Callindra took her hand and used the other woman’s strength more than she had anticipated to get to her feet, feeling a shiver run through her body at the name.  “That sounds bad, makes me feel all creepy.”

“As it should.  Your mission to find these artifacts must not be slowed Callindra.   It is of the utmost importance that you find the pieces and assemble the Avatar.”  Ellyn said.  “The Trickster’s Pipe will assist, where are you going next?”

“Oh, we’re well supplied.”  Callindra said, “From the shop I kinda destroyed.”

“We will bring you to your next destination.”  Ellyn said easily.  “The Trickster’s Pipe isn’t what it seems.”

“Well, to be honest we weren’t heading for the next artifact.”  Callindra said, “We were going to go find the smith who forged my blade.  So he could remake Brightfang.”

“Oh.”  Ellyn said, nodding in understanding.  “Well, I suppose you need to be able to fight to the best of your ability if you’re going to be able to stand against the forces of darkness?  Where exactly is this smith then?”

“North if my memory serves.  I was a little distracted when I saw it last.”  Callindra sheathed her sword and shrugged, “It’s in a volcano on a glacier though.  Can’t be that many of them right?”

“He has trouble near the glaciers.  She said with a frown.  “The extreme cold and ice makes travel difficult, but I can get you close.”

“Any help you can give us is more than we had before.”  Callindra said with a grateful smile.  “Maybe you can teach me more about sparring?  I’m always eager to learn a new technique.”

“Tomorrow perhaps youngling; I’m not up to two bouts like that in one day.”  Ellyn laughed, “Come on Callindra, let’s go take a bath and wash the sweat off.”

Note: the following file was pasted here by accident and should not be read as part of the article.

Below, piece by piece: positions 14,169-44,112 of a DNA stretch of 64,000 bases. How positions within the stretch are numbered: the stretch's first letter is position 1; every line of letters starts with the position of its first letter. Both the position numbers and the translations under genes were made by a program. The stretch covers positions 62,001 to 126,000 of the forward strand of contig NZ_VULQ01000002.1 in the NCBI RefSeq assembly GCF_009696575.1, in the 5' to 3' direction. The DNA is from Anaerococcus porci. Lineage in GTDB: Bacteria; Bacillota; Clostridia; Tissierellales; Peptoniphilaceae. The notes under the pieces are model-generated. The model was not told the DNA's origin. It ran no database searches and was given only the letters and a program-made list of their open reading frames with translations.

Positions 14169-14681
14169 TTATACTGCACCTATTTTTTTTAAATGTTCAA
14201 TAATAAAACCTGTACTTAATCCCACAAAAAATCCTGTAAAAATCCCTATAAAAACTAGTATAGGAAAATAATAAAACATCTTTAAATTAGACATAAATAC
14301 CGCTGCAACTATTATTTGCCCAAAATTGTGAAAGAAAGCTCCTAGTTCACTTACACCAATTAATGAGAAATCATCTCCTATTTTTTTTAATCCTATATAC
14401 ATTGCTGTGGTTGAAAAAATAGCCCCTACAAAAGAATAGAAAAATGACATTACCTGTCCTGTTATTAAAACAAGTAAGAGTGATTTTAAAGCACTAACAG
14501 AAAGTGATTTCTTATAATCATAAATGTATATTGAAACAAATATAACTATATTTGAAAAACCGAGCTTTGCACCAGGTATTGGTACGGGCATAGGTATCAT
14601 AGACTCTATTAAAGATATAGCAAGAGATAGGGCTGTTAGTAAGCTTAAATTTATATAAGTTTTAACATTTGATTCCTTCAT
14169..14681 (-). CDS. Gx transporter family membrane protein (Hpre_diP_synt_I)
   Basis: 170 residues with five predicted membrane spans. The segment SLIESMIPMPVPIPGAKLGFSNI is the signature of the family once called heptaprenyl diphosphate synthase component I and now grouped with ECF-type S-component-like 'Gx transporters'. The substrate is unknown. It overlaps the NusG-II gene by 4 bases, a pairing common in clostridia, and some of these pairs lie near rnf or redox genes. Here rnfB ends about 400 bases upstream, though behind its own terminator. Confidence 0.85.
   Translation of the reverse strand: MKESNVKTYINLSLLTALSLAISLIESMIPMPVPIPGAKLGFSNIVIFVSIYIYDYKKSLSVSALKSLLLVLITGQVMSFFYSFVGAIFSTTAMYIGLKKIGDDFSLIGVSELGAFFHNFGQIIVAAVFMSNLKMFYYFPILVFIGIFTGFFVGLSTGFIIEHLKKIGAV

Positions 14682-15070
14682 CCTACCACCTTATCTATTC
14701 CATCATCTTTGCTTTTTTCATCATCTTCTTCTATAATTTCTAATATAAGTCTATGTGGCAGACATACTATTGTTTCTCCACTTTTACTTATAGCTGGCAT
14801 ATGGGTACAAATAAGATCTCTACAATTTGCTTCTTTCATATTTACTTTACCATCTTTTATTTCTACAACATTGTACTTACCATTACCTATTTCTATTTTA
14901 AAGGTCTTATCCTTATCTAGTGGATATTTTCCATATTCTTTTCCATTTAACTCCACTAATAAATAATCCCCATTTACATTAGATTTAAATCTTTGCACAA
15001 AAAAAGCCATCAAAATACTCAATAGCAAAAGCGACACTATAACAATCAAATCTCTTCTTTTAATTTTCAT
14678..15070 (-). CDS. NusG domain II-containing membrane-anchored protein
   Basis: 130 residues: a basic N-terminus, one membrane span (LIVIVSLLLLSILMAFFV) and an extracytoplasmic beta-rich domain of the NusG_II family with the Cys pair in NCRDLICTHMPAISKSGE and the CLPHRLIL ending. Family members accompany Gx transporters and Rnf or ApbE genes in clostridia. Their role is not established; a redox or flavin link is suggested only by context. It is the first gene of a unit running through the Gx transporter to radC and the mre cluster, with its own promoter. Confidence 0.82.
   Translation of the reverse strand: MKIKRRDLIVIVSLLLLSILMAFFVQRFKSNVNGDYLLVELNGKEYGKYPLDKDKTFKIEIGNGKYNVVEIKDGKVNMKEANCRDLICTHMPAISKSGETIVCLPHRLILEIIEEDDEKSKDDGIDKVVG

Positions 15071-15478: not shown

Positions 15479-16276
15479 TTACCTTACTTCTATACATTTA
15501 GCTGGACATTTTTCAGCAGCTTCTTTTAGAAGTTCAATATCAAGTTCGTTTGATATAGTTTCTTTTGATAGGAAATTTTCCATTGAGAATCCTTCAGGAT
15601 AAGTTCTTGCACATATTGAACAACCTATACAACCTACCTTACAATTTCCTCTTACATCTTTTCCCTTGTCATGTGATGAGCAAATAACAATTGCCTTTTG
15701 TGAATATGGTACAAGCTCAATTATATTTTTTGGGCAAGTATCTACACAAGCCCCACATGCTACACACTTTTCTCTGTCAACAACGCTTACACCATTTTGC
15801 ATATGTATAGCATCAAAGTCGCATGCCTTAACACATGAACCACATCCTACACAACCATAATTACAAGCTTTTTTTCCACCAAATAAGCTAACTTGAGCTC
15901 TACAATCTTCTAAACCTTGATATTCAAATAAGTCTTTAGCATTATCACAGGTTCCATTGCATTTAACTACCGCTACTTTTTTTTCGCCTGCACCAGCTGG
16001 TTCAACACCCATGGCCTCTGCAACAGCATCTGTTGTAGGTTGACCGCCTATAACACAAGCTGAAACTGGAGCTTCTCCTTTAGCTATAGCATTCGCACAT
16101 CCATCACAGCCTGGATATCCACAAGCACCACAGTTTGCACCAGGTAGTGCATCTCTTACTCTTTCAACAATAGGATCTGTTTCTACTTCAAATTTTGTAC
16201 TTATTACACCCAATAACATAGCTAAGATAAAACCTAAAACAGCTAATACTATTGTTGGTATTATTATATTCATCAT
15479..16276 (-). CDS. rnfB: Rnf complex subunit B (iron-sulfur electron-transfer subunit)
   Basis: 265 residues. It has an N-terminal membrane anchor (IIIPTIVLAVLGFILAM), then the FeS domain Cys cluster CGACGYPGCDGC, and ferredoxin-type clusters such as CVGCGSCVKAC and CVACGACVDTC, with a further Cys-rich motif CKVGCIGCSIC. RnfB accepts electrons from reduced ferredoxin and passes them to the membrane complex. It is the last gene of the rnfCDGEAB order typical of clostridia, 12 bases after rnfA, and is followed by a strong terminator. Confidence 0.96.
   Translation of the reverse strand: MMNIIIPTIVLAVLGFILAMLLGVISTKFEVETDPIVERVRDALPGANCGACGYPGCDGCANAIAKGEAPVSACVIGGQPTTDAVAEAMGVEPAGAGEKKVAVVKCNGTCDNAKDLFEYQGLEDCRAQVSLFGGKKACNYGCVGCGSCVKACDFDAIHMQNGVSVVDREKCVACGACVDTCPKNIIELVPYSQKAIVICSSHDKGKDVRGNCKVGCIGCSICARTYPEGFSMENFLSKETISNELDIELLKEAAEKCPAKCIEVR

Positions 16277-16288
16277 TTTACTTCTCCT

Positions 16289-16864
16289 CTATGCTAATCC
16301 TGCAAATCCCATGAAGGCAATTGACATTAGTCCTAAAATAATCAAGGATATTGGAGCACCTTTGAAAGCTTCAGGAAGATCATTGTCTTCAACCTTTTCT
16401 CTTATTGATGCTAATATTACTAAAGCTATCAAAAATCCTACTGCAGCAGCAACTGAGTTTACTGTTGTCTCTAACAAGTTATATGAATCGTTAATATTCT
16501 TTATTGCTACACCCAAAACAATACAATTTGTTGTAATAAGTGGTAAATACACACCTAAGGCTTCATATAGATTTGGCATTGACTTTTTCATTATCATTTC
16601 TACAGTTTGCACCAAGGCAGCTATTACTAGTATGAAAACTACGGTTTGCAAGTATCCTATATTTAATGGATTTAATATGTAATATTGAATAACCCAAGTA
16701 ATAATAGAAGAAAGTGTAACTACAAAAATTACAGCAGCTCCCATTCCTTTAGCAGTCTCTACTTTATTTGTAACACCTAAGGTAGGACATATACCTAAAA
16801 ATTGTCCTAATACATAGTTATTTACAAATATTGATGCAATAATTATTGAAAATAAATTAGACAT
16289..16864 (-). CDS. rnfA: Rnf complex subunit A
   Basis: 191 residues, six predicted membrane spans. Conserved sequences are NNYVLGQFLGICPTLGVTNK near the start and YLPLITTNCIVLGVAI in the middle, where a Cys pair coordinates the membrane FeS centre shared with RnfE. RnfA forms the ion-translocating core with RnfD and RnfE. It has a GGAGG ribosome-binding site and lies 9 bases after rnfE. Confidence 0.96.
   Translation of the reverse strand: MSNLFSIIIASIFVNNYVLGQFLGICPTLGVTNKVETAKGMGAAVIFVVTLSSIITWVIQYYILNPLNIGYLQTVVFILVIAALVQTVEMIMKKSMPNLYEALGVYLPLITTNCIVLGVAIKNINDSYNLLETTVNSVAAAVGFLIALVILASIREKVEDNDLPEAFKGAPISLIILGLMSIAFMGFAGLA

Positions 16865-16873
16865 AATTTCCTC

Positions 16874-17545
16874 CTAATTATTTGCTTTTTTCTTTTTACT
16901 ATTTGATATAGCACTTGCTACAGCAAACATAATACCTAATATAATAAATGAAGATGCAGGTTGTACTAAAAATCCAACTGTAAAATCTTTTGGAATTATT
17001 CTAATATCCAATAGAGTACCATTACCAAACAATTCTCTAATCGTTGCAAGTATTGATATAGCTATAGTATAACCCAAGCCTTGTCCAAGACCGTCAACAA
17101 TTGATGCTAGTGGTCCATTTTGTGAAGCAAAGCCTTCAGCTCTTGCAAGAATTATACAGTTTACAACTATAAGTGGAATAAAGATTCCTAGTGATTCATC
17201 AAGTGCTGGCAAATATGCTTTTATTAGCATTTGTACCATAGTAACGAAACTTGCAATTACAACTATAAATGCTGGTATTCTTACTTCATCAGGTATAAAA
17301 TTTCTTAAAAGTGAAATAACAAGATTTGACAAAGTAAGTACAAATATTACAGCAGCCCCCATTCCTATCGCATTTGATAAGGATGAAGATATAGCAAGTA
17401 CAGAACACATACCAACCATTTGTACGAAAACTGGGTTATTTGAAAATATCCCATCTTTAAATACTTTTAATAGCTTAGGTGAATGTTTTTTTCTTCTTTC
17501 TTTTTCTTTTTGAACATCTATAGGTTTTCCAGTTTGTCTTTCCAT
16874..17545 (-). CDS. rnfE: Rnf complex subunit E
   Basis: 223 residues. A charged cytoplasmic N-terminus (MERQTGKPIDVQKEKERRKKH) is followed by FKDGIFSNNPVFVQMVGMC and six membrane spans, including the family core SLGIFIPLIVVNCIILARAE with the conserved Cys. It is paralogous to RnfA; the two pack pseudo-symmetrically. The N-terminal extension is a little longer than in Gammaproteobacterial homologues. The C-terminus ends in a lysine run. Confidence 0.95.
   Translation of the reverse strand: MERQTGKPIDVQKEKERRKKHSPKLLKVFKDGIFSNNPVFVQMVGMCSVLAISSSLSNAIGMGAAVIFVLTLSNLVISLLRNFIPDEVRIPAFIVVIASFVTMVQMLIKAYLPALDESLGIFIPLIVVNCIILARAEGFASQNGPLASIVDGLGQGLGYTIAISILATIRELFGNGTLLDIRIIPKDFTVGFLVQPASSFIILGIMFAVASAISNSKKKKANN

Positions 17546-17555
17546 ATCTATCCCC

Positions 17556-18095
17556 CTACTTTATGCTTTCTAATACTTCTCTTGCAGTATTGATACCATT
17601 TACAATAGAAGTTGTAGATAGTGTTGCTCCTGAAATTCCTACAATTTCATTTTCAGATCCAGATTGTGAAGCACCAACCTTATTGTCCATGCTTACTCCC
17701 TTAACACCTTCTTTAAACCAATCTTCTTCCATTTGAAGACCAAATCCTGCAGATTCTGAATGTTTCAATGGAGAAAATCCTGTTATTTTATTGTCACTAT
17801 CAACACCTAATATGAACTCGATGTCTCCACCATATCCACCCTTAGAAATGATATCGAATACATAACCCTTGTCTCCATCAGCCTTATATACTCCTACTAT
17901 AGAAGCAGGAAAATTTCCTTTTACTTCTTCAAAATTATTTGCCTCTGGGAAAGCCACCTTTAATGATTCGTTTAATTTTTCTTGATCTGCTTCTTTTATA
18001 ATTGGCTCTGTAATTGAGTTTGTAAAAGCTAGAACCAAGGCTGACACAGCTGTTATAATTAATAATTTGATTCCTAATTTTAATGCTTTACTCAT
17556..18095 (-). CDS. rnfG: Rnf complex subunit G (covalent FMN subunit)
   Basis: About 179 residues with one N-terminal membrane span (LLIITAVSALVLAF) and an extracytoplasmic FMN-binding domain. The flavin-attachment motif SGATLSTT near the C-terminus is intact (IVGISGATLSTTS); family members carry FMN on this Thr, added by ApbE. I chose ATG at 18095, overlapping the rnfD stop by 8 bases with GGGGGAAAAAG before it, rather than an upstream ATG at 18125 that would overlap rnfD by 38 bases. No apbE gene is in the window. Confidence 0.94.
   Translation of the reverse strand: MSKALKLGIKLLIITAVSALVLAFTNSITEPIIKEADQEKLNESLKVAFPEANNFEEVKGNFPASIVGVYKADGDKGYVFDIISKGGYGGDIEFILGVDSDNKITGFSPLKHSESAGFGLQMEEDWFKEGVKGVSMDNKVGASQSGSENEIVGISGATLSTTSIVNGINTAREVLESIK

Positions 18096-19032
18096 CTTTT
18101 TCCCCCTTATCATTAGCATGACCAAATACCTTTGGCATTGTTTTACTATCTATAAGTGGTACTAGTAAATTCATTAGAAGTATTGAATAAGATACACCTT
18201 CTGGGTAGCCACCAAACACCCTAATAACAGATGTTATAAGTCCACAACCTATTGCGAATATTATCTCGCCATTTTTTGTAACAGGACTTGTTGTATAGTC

“Oh absent gods yes!”  Callindra said, feeling her smile widen.  “It is so refreshing to be in the company of someone who doesn’t mock my desire not to be a sweaty mess.”

“Follow me, dear.  You won’t be disappointed in the baths here.”

“Cardorzada!” Belladin called from the doorway of their house, holding back Noranna, their eldest daughter with one hand and gesturing with a basket laden with food in the other. “You’ve forgotten your midday meal!”

Durrak turned from where he was hooking up the wagon to Tuk’s harness with a wide grin, “I’d forget my own head were it not for you my heart.”  Noranna broke free and ran to him squealing for another kiss goodbye.  Dia, their youngest was thankfully down for a nap.  If she’d begged him to stay he would have been hard pressed to resist and she most certainly would have.

Belladin brought the basket and placed it carefully under the cart’s seat while he was covering Noranna’s face with kisses and promising that he’d only be gone for a fortnight.  With this trade completed, he’d be sure to make enough to buy provisions that would last all through the winter.  Durrak gave his wife a deep and lasting kiss, then patted the slight swelling of her belly with a foolish grin.  He hoped their third child would be a boy, but he would love another girl as much.